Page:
Cybersecurity in Today's World: The Role of AIKrishnamurthy Rajesh on the Shift From Products to Analysis, Artificial Intelligence and Collaboration
Cybersecurity in today's world is no longer primarily about the implementation of products or solutions. It is more about the analysis of behavior and the ecosystem.
See Also: The Human Factor 2021
As insider threats are now more common than external threats, understanding human behavior and being able to predict its consequences can help security teams take a proactive approach to preventing cyberattacks from occurring.
Understanding human behavior and being able to predict its consequences can help security teams take a proactive approach to preventing cyberattacks.
Using AI- and ML-based algorithms for tracking user behavior and activity can provide real-time insight. Any abnormal or unusual activity can be immediately flagged as suspicious. The algorithm can be set to detect many types of data, including logging location, device ID type, scrolling patterns and internet browsing habits.
Data on a user’s psychological behavior can also be tracked. This is called artificial intelligence with sentiment analysis. It uses natural language processing, text analysis, computational linguistics, and biometrics to gather and analyze subjective information about a user and their affective state.
Gathering information from social networks, using structured and unstructured data, can also help in preventing security incidents.
In today's connected world, organizations face the information security challenge of not being able to act on decision-making insight in real time. This can be due to boundaries created, lack of transparency, trust issues and nonstandardized processes. The use of shadow IT and nonstandard reporting processes can delay getting the right set of information, and this becomes more complex when there are multiple parties involved in one project.
Technology can help to automate and eliminate waste in processes, but collaboration and mutual trust are the keys to success in cutting across boundaries and technology. As the demand for interconnected data and automation increases, the cyberthreats and risk increase in the same proportion.
Cybersecurity involves both individual action and collective responsibility.
Cybersecurity involves both individual action and collective responsibility. Real-time sharing of information can enable an organization to take preventive measures. For example, sharing a vulnerability or new threat found in a system with other business functions in the organization can prevent other systems from being exposed to the same threat.
The Industry 4.0 revolution has created the need for automation at a different level to capture, process and archive data to generate meaningful insight in real time. When data is generated in huge volumes, processing it in a secure way is a real challenge for an organization.
For example, with aircraft made of multiple parts supplied by different vendors, any sharing of data for maintenance has to go through multiple processes. This sensitive data must be secured by using targeted automation.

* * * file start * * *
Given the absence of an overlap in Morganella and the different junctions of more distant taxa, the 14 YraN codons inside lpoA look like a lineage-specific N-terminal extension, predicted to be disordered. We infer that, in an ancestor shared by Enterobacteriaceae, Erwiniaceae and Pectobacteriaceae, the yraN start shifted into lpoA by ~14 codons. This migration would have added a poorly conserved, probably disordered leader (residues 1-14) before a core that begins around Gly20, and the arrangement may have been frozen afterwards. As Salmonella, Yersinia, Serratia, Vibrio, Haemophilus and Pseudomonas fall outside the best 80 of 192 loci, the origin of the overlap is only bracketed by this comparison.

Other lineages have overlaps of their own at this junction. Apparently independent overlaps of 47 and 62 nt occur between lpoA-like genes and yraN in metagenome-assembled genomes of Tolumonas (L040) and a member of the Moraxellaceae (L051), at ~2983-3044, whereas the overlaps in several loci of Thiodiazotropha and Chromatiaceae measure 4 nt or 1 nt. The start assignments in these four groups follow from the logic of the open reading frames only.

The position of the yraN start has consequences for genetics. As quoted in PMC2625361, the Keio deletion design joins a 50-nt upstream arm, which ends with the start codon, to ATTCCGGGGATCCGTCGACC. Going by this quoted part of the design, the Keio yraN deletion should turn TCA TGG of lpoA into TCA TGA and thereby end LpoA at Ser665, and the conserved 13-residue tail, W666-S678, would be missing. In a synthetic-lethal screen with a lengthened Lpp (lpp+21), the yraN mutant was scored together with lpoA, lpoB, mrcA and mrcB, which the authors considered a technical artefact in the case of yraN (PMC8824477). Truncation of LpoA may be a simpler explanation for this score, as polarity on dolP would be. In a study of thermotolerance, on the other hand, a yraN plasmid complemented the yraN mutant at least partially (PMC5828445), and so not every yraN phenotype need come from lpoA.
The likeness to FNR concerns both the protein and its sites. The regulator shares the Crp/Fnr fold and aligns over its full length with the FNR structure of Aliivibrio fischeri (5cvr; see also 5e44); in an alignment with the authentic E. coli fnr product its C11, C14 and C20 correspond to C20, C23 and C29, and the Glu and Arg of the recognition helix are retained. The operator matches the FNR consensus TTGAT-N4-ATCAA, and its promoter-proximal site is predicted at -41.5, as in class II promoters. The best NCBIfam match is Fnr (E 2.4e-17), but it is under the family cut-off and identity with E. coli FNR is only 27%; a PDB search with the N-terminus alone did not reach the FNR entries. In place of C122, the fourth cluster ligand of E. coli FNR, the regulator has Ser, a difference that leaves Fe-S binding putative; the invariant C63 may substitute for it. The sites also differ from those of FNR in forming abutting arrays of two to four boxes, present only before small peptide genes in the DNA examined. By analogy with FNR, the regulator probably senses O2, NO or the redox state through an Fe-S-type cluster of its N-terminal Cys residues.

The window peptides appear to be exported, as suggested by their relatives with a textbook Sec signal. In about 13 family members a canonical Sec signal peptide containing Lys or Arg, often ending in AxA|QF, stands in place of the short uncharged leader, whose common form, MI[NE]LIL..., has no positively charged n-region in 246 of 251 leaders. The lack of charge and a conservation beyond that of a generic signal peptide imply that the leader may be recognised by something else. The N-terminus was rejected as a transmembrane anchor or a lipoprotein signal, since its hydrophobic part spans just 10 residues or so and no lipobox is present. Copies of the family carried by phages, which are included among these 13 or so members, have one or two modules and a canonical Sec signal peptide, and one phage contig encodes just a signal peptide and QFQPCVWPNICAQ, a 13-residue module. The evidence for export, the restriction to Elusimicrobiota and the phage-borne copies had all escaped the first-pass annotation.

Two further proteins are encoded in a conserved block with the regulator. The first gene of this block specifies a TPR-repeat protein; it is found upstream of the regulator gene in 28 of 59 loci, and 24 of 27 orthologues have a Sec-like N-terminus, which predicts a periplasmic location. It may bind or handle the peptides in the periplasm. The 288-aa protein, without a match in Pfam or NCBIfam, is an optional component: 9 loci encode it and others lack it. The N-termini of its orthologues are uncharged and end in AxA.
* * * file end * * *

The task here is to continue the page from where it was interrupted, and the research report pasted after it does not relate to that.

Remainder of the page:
To mitigate the risk, organizations should plan for a three-stage approach that uses edge, fog and cloud computing while collecting and processing hot data - data used for real-time decisioning - and cold data - data used mainly for reporting and planning.
Edge computing brings computation and data storage closer to the sources, fog computing places a decentralized computing structure between the edge and the cloud, and cloud computing makes computer system resources available on demand.
These approaches can mitigate some challenges - such as interoperability and real-time decision-making - with agility. They can also help to create a bridge between OT and IT data at the enterprise level.
Overall, in changing dynamics, organizations can enhance their security postures by doing the following:
- Adopt a process and technology framework to understand human behavior and predict the consequences of behavior, to mitigate internal threats. This can give the organization a proactive edge.
- Collaborate and share threat intelligence in real time across geographic boundaries and business functions.
- Create a "crack team" consisting of representatives from business stakeholders and a technology team to assess the project's risk from an information security angle at the enterprise level. This process will eliminate risk that may arise due to the existence of silos and not taking users and stakeholders into confidence.
- Implement an enterprise security framework and a forward-looking SOC.
- Create a detailed strategy for countering offensive AI.
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Krishnamurthy Rajesh has over 20 years of experience at information technology leadership roles in Indian and global environments. He has expertise in strategizing and implementing different elements of technology and process from the inception stage to operation. This includes information and data security, digital transformation and adapting to cutting-edge technology such as AI, IoT, M2M and RPA while keeping innovation and ROI as a base. Before ICRA, Rajesh was associated with ITC Ltd., ORIX Auto Infrastructure Services Ltd., Magma Fincorp, Bahwan Cybertek LLC and has experience in setting up a consulting practice in the Industry 4.0 domain.